President Donald Trump is behind in the polls nationally and in most battleground states, but many of his supporters are sure only fraud can sink him.
The president himself has been stoking conspiracies about fraudulent ballots, and his supporters believe he would be justified in challenging a losing result and are already blaming Trump’s opponents for any violence that might break out, reported the New York Times.
“I think the country is more volatile if he wins legitimately, that’s my bigger concern,” Rick Slowicki, a 52-year-old courier service owner from Philadelphia. “Republicans aren’t the ones known to be strong protesters. Before he even stepped into the presidency, the protests and the rioting had begun, and it’s just continued.”
Slowicki does not support Trump refusing to leave office if he loses, but many of his supporters don’t see any way the president can legitimately lose.
“There’s going to be massive attempts at fraud,” said 73-year-old Sylvia Rhodes Blakey, Green Valley, Arizona. “There are so many illegals that have the names of dead people, and they’re voting on those ballots.”
Jim Thienel, a 73-year-old from Waterford, Michigan, said his experience as a poll watcher in Detroit convinced him that voter fraud would be rampant in the Nov. 3 election — and he feared Democrats would become violent if their alleged efforts to cheat failed.
“I just spent three and a half hours in gun training today because I’m concerned,” Thienel said.
Voter after voter told the Times they believed the winner should be settled by the time TV networks sign off on Election Night, and they support Trump refusing to accept results that aren’t known for days or even weeks.
“We have an Election Day,” said Sherry Livering, a 58-year-old homemaker from Lebanon, Pennsylvania. “I don’t want to wait two weeks, that’s ridiculous.”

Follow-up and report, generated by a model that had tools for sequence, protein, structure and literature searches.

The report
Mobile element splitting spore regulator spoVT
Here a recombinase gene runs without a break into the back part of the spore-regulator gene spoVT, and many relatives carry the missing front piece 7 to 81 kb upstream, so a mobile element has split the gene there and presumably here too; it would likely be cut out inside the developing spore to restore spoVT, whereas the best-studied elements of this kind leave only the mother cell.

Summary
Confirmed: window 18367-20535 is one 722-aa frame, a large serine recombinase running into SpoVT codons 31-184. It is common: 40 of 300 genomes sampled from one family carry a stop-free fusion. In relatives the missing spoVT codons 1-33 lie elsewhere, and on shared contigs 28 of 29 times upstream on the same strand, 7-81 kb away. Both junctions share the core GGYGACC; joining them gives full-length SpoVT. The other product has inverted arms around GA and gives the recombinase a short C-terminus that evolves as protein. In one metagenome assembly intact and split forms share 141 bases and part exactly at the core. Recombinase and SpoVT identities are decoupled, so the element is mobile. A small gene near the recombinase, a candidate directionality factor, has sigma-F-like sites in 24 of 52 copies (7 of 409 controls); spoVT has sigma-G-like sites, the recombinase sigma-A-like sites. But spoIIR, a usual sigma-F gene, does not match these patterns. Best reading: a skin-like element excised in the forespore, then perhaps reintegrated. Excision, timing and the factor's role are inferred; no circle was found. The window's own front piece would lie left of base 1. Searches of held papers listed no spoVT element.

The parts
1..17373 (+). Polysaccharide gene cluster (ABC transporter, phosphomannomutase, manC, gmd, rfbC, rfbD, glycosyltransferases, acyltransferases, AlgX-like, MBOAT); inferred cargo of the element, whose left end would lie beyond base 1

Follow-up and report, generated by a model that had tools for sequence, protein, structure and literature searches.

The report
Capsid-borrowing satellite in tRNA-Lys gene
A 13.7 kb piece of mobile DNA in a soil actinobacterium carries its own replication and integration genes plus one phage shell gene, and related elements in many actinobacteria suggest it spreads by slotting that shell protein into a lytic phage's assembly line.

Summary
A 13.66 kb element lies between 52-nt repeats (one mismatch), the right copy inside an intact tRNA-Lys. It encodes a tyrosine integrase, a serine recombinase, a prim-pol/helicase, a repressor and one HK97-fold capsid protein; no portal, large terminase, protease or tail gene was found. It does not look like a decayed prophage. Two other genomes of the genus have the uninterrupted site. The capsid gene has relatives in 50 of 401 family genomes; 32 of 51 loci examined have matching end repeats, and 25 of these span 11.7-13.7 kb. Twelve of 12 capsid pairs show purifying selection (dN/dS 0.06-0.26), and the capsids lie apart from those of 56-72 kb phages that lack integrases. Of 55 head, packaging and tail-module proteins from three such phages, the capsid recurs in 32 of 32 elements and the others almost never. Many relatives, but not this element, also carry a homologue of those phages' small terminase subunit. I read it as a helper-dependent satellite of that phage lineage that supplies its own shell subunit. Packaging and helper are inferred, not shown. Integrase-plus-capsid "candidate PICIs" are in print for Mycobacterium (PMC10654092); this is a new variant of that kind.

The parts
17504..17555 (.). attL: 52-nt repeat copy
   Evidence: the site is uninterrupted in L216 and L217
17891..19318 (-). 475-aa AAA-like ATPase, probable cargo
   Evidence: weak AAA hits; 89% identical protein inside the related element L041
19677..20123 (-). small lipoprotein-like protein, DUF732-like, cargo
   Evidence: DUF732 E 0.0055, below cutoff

Charles Thompson, a 73-year-old certified public accountant from Green Valley, agreed.
“For most of my life,” he said, “by the time I went to bed, I knew who was going to be president.”
Trump pushes closing claim that ‘suburban women are STRONG’ for his campaign
President Donald Trump continued to ignore polling data to push his conspiracy theory that Joe Biden will destroy the suburbs and that is why suburban women are backing him.
None of that is true, there is no evidence that Trump's return to redlining policies will destroy the suburbs. And Trump has consistently polled poorly with women, which is a major reason Republicans are fearing that the 2020 election will be a bloodbath for their party.
On Sunday, Trump ignored all of that to push his conspiracy theory again and to falsely claim he's winning the support of women in the suburbs.
White House lawyer part of scheme to smear Hunter Biden — but not even the WSJ would buy it: NYT
In a Sunday article for The New York Times titled, "Trump Had One Last Story to Sell. The Wall Street Journal Wouldn’t Buy It," insiders recalled the White House’s secret, last-ditch effort to change the narrative, and the election -- even though it didn't work.
Journalist Ben Smith wrote in The Times article, "By early October, even people inside the White House believed President Trump’s re-election campaign needed a desperate rescue mission. So three men allied with the president gathered at a house in McLean, Va., to launch one. The host was Arthur Schwartz, a New York public relations man close to President Trump’s eldest son, Donald Jr. The guests were a White House lawyer, Eric Herschmann, and a former deputy White House counsel, Stefan Passantino, according to two people familiar with the meeting."
Trump campaigns in Maine — as Susan Collins announces vote against Amy Coney Barrett
It was a "Tale of Two Republicans in Maine" Sunday as President Donald J. Trump made an "Off the Record" stop to campaign for his re-election and Sen. Susan Collins (R-ME), also up for re-election, officially took her stand against Judge Amy Coney Barrett's confirmation vote.
“Because this vote is occurring prior to the election, I will vote against the nomination of Judge Amy Coney Barrett," Collins said. "To be clear, my vote does not reflect any conclusion that I have reached about Judge Barrett's qualifications to serve on the Supreme Court.”